Spending more money than you can afford is never a good idea, no matter your age. But it’s especially risky for retirees because many live on fixed incomes and can no longer depend on pay raises or work bonuses to bail them out of financial trouble. Despite these risks, a lot of retirees still spend more than they should, according to a survey from Annuity.org.
The survey, conducted last year, found that 27% of retirees say their spending amounts are higher than what they can afford. The biggest monthly expenditure for retirees is housing, followed by food.
Sticking to a budget is a particular challenge for seniors with limited income in retirement — especially given high inflation rates in recent years. Those who depend heavily on Social Security retirement benefits often find themselves struggling just to afford the essentials.
You should be able to get by with less money in retirement vs. earlier in life, but the exact amount depends on factors such as location, lifestyle and healthcare needs. According to research from Fidelity, once you have retired you can expect to spend between 55% and 80% of the yearly income you earned while working
If you find yourself spending more than you can afford in retirement, your first order of business is to figure which costs to cut first. Here’s a look at five of them.
Dining out might be one of life’s pleasures, but it can drain your money in a hurry. Restaurant meals are essentially a luxury and should be among the first items to go when you need to trim your budget. Even if you hate cooking (and cleaning up after), you can still get prepared meals at local grocery stores that cost a lot less than dining out.
Unnecessary Medical Costs
Nobody would suggest sacrificing needed medical care in retirement just to cut costs, but you might already be paying more for medical care than you need to. Experian recommends reviewing your Medicare plan options to help lower costs. If you need help, free health insurance counseling is available through the State Health Insurance Assistance Programs (SHIPs).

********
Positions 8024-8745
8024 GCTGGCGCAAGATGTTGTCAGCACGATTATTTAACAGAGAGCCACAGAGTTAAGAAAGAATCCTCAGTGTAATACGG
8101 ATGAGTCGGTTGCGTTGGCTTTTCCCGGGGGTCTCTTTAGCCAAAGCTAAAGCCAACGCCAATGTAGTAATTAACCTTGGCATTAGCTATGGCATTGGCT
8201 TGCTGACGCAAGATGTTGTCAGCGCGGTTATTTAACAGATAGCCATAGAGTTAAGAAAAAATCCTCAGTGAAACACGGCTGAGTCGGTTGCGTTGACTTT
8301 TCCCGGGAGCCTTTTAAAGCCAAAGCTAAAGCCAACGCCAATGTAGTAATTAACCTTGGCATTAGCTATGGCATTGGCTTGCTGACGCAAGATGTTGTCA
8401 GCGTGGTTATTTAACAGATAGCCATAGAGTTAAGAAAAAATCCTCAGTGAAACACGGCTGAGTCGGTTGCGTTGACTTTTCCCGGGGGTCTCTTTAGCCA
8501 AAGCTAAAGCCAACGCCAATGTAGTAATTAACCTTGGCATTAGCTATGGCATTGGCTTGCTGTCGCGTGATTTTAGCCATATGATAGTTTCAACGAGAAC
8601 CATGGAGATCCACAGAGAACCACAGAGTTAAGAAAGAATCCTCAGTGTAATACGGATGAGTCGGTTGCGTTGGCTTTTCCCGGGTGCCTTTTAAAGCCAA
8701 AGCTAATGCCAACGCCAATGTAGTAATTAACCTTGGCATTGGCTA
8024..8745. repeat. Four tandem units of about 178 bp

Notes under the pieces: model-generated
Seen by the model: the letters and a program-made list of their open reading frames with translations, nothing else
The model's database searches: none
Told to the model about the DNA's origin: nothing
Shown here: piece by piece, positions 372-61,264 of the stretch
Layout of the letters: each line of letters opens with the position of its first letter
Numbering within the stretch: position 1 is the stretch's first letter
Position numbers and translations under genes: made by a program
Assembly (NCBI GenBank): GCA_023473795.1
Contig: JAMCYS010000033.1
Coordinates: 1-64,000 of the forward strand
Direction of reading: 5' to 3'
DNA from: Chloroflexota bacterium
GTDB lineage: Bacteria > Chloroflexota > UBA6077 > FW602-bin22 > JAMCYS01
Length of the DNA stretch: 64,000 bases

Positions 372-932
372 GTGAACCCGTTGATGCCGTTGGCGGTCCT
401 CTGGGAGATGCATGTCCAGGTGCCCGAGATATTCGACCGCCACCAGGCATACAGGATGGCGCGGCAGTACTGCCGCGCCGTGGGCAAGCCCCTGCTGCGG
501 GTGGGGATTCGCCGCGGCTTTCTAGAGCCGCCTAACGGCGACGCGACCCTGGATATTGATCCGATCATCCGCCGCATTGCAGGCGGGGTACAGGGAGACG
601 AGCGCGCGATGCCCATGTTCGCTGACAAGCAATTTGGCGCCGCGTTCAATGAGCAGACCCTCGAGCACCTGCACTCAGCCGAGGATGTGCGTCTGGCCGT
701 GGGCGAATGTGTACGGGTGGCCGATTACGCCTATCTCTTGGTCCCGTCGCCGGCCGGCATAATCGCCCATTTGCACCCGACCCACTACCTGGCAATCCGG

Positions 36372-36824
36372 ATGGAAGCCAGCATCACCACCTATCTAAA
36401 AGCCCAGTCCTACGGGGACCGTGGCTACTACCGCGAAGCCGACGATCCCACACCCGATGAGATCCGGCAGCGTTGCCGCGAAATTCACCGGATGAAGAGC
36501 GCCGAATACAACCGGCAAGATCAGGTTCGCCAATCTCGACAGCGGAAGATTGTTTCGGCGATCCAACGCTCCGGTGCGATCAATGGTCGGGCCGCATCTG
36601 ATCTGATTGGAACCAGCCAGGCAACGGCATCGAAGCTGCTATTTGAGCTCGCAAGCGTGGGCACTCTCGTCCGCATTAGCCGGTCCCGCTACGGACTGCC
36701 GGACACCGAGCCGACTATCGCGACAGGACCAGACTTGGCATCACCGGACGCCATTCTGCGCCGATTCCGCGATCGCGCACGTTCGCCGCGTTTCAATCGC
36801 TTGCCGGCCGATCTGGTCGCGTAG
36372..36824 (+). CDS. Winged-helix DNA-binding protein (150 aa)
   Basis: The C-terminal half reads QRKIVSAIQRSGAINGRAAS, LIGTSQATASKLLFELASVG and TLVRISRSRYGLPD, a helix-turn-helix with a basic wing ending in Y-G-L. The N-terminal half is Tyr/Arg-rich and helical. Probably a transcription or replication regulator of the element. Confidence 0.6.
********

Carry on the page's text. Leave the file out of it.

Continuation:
As with dining out, traveling is a fun and rewarding way to spend your time — but it’s not something you should do if it puts you underwater financially. Rather than taking overnight trips that require a hotel stay, think of day trips close to home that let you explore new places without spending a lot of money. You can also take a staycation at home and explore new things in your own community. If the travel bug does hit, you can save money on lodging and air fare by traveling off-season or during the week instead of the weekend.
A Second Car
Maybe you needed a second car when you and your spouse were juggling careers and commutes, but most retired couples can get by with a single car. Eliminating a second car payment — along with the taxes, fees, fuel and maintenance that go along with it — can put a lot more money in your pocket.
Interest on Debt
If you carry a significant amount of high-interest debt in the form of credit card balances and loans, now is the time to pay it off. As Experian noted, high-interest debt is “always a burden” on your budget because the longer it sticks around, the more you pay in interest. This is especially burdensome on a fixed retirement budget.
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